Avalanche Advisory for Wednesday, January 27, 2016

This advisory expires tonight at 12:00 midnight.

All forecast areas of Tuckerman Ravine have LOW avalanche danger.  Natural and human-triggered avalanches are unlikely.  Watch for unstable snow in isolated areas.  Lobster Claw, Lower Snowfields, and the Little Headwall are not posted due to lack of snow cover. Exercise caution in these areas.

Huntington Ravine is under a General Avalanche Bulletin. General Bulletins are issued when instabilities are isolated within forecast areas and are issued every three days or earlier if conditions warrant. Forecast areas in Huntington have less well-developed snowfields to produce avalanches than Tuckerman, but understand instabilities in these smaller locations may exist.  It is critical that you assess snow and avalanche conditions if venturing into Huntington.

AVALANCHE PROBLEM: The primary avalanche problem today is windslab. The most concerning situation to watch out for is the development of new wind slab, if accumulating upslope snow materializes. These would be found in strongly sheltered areas first, then growing in more wind exposed areas later. Secondly, pay attention to the firm, hard wind slabs created during high winds almost 7 days ago. We are in a situation with very lean snow coverage in most areas, which creates an inherently variable snowpack. Your most likely interaction with unstable snow of this type will be near the thinner margins of older slabs. Trigger something from one of these weak points is not completely out of the picture, so you should still stay vigilant. One situation to watch for is being able to kick through the firm slab into weak snow beneath.

WEATHER: Another day…another day hoping to see the upper end of the upslope snowfall potential. We expect there to be scattered snow showers in the mountains today, possibly bringing up to 2″ (5cm), but the more likely scenario is that we’ll see only lighter accumulations. Winds will start strong and begin to diminish somewhat through the day. You can expect some blowing snow, but how much will largely depend on how much snow has fallen.

It’s been a slow week for snow accumulations. Very light snowfalls over the past eight days have totaled only 1″ (2.5cm) of snow on the summit. At Hermit Lake you wouldn’t even know that it snowed at all. Our best hope for something in the near future looks to be a clipper system passing by on Friday, but don’t get overly excited about this one.

SNOWPACK: Yesterday’s field work left Helon and I rather unimpressed by the snowpack. One thing that is for sure, there is a lot of variability out there. Some locations on S-facing slopes had a shiny sun crust, others were just firm wind packed snow. Helon dealt with blowing snow creating sluffs and some thin reactive slabs over in the left side of the headwall, but the overall pattern was for a thick hard slab. In Left Gully, he thought he might break his shovel trying to dig into the surface layer and would have preferred digging with a snow saw. You may find areas where faceted snow is forming underneath the hard slab, near a buried crust. This will be something that we’ll need to keep an eye on in the future. But for now, it doesn’t appear to have much effect on current stability.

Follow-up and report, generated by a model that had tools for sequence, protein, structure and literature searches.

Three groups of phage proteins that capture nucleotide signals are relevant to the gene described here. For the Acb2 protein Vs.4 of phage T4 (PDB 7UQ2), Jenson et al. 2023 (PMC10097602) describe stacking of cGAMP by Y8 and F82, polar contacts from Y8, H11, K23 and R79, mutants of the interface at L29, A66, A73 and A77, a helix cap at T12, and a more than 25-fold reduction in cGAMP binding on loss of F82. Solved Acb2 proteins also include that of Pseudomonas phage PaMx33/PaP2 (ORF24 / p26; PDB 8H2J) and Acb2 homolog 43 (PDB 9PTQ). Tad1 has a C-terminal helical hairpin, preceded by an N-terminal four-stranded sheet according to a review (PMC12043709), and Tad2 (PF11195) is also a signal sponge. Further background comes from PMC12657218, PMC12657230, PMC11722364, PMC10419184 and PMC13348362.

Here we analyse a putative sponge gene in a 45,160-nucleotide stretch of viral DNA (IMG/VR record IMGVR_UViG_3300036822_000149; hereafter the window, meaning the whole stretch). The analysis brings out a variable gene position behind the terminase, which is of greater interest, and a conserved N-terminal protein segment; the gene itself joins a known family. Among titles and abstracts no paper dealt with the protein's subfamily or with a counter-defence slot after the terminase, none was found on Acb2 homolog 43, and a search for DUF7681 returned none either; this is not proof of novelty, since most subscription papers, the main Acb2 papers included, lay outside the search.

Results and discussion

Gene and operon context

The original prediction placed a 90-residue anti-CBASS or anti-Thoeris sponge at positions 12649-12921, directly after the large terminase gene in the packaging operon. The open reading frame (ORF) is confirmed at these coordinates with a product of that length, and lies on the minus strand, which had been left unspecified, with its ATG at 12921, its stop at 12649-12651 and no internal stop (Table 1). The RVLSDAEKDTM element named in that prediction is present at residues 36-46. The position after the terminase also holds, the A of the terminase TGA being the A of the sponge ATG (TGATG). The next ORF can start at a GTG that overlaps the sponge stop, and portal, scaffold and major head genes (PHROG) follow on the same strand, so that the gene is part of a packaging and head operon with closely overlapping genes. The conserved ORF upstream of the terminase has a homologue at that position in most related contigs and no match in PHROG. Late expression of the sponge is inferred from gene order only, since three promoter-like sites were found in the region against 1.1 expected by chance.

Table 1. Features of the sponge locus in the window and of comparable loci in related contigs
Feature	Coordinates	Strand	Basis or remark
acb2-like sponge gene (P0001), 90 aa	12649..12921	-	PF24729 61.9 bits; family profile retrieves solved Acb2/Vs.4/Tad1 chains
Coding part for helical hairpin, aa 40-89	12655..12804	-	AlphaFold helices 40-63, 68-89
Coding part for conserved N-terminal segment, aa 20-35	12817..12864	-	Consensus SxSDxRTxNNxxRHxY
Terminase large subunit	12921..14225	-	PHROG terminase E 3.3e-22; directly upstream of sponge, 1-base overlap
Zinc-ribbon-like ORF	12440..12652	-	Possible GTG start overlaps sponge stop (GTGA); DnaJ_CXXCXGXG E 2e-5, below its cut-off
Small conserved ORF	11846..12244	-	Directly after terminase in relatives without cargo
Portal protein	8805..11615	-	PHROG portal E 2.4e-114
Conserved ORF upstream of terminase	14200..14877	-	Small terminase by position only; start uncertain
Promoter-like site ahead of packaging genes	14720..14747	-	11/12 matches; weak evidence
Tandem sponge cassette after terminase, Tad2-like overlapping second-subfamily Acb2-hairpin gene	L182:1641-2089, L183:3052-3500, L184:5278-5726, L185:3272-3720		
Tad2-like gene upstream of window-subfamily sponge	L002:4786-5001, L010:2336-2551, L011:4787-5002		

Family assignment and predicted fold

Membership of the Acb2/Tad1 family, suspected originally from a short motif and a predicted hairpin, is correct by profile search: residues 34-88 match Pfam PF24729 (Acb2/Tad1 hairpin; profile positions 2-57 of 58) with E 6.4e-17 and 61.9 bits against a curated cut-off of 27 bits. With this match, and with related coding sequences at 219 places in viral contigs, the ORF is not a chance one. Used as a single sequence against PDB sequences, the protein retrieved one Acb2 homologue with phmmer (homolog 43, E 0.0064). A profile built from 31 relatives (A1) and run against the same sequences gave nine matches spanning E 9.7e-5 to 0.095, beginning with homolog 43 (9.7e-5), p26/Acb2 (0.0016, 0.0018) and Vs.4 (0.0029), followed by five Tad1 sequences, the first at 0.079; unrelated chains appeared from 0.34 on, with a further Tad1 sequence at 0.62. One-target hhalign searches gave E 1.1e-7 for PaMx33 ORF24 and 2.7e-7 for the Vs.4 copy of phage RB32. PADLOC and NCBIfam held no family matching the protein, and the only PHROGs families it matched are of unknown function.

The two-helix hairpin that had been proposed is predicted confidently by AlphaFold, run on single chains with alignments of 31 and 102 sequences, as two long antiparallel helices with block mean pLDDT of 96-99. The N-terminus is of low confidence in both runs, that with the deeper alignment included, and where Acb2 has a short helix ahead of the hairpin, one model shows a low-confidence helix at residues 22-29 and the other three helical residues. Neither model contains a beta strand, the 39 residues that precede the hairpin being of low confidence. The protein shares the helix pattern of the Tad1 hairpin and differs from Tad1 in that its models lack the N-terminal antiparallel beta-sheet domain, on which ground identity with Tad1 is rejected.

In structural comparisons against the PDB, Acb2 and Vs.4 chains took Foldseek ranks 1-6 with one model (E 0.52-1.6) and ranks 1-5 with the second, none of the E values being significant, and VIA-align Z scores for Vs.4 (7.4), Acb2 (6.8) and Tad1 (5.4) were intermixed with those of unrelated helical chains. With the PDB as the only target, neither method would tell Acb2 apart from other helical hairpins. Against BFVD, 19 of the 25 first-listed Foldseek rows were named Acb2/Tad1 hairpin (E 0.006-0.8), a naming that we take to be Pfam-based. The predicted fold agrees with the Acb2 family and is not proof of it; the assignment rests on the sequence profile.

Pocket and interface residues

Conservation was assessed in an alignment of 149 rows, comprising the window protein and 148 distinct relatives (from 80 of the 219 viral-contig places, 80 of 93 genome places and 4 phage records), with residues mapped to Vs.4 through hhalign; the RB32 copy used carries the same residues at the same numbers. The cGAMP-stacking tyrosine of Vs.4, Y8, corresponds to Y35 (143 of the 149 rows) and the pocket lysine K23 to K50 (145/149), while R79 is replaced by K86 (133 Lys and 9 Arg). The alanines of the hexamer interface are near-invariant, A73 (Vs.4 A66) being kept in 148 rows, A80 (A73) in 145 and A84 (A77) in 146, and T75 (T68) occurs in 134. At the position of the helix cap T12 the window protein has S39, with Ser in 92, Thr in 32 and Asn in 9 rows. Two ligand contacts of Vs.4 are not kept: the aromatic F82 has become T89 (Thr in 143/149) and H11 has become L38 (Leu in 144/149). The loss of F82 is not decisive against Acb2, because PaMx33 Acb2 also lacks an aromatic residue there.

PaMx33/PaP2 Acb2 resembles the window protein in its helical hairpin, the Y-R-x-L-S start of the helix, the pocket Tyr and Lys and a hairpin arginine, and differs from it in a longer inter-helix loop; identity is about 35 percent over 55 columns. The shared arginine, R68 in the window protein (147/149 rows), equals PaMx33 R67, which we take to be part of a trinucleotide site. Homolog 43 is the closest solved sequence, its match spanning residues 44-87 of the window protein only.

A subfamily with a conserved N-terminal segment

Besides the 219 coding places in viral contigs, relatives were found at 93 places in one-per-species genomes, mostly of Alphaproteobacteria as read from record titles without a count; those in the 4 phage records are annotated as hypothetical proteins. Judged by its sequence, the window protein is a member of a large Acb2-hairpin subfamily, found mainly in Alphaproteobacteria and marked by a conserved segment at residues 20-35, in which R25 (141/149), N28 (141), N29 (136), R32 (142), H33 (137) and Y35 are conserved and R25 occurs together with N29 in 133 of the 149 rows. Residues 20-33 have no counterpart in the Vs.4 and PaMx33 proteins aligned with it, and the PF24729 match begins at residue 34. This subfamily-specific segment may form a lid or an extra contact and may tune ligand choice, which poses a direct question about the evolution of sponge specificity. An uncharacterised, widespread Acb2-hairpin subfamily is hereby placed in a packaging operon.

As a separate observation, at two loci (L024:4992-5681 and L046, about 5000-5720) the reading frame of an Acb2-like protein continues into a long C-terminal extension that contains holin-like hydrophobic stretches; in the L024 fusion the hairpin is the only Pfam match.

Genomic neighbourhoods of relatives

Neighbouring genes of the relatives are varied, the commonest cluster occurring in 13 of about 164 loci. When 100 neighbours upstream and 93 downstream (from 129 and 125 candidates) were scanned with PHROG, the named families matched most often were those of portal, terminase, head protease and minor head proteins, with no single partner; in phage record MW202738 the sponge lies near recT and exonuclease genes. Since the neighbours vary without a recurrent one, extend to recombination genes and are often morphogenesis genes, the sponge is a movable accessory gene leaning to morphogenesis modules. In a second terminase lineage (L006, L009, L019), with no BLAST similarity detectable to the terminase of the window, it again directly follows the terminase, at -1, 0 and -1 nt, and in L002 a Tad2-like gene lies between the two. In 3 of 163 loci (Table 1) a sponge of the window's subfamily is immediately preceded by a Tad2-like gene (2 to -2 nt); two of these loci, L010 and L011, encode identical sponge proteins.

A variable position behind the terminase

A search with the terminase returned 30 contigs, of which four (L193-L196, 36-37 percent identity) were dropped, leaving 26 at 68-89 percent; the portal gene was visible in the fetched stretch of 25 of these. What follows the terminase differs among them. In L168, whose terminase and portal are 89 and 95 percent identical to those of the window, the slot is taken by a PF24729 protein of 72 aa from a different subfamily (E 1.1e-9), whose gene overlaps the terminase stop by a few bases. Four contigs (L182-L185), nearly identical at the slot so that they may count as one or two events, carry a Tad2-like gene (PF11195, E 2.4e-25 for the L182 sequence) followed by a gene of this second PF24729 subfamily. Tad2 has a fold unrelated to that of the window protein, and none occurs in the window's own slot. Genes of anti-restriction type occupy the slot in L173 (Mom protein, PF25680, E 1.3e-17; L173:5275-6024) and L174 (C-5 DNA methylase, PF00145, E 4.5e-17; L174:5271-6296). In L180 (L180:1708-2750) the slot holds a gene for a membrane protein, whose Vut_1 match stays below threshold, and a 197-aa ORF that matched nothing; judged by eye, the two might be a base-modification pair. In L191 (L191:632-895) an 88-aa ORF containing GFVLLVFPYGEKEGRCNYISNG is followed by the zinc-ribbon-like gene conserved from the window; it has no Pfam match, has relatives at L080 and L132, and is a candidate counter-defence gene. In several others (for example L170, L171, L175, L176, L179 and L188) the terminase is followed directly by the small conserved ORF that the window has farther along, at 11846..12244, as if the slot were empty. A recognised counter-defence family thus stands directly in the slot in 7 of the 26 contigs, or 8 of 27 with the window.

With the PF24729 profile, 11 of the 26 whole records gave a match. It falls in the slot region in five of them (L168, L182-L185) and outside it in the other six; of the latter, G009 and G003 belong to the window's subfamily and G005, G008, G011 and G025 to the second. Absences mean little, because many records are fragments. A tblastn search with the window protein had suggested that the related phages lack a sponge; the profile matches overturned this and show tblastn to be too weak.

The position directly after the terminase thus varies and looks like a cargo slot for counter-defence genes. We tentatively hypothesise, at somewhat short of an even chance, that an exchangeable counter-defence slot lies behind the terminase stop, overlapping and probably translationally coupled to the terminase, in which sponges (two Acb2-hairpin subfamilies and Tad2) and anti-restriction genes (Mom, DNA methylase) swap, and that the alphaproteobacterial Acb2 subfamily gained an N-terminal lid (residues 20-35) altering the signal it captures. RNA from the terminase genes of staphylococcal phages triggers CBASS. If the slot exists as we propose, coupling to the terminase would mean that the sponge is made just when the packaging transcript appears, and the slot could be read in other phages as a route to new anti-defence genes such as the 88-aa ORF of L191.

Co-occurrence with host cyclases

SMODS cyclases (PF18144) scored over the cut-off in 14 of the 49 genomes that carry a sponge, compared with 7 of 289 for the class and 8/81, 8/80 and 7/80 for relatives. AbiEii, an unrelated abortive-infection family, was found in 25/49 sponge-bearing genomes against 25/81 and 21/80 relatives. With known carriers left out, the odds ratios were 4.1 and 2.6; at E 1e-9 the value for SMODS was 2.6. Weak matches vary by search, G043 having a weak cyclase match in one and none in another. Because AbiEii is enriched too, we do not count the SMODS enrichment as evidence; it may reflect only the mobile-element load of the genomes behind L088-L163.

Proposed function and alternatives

Huntington Ravine remains under a General Bulletin. It is important to remember that avalanches can occur under a General Bulletin. The biggest potential areas are the snowfields in Central and South Gully as well as at the base of the ice in Pinnacle and Odell. The northern gullies of Yale, Damnation, and North are primarily ice and contain very little snow. The Lion Head Winter Route is now open. Bear in mind this is not a hiking trail and mountaineering sense should be in your backpack, right next to you crampons and ice axe. The Sherburne Ski Trail is skiable top to bottom but is in very rough shape. Anyone care to share the story of the blood we found sprayed all over the trail yesterday? We are baffled.

Please Remember:

  • Safe travel in avalanche terrain requires training and experience. This advisory is just one tool to help you make your own decisions in avalanche terrain. You control your own risk by choosing where, when, and how you travel.
  • Anticipate a changing avalanche danger when actual weather differs from the higher summits forecast.
  • For more information contact the Forest Service Snow Rangers, the AMC at the Pinkham Notch Visitor Center, or the caretakers at Hermit Lake Shelters or the Harvard Cabin.
  • Posted 6:15 a.m. January 27, 2016. A new advisory will be issued tomorrow.

Jeff Lane, Snow Rangers
USDA Forest Service
White Mountain National Forest
(603) 466-2713 TTY (603) 466-2856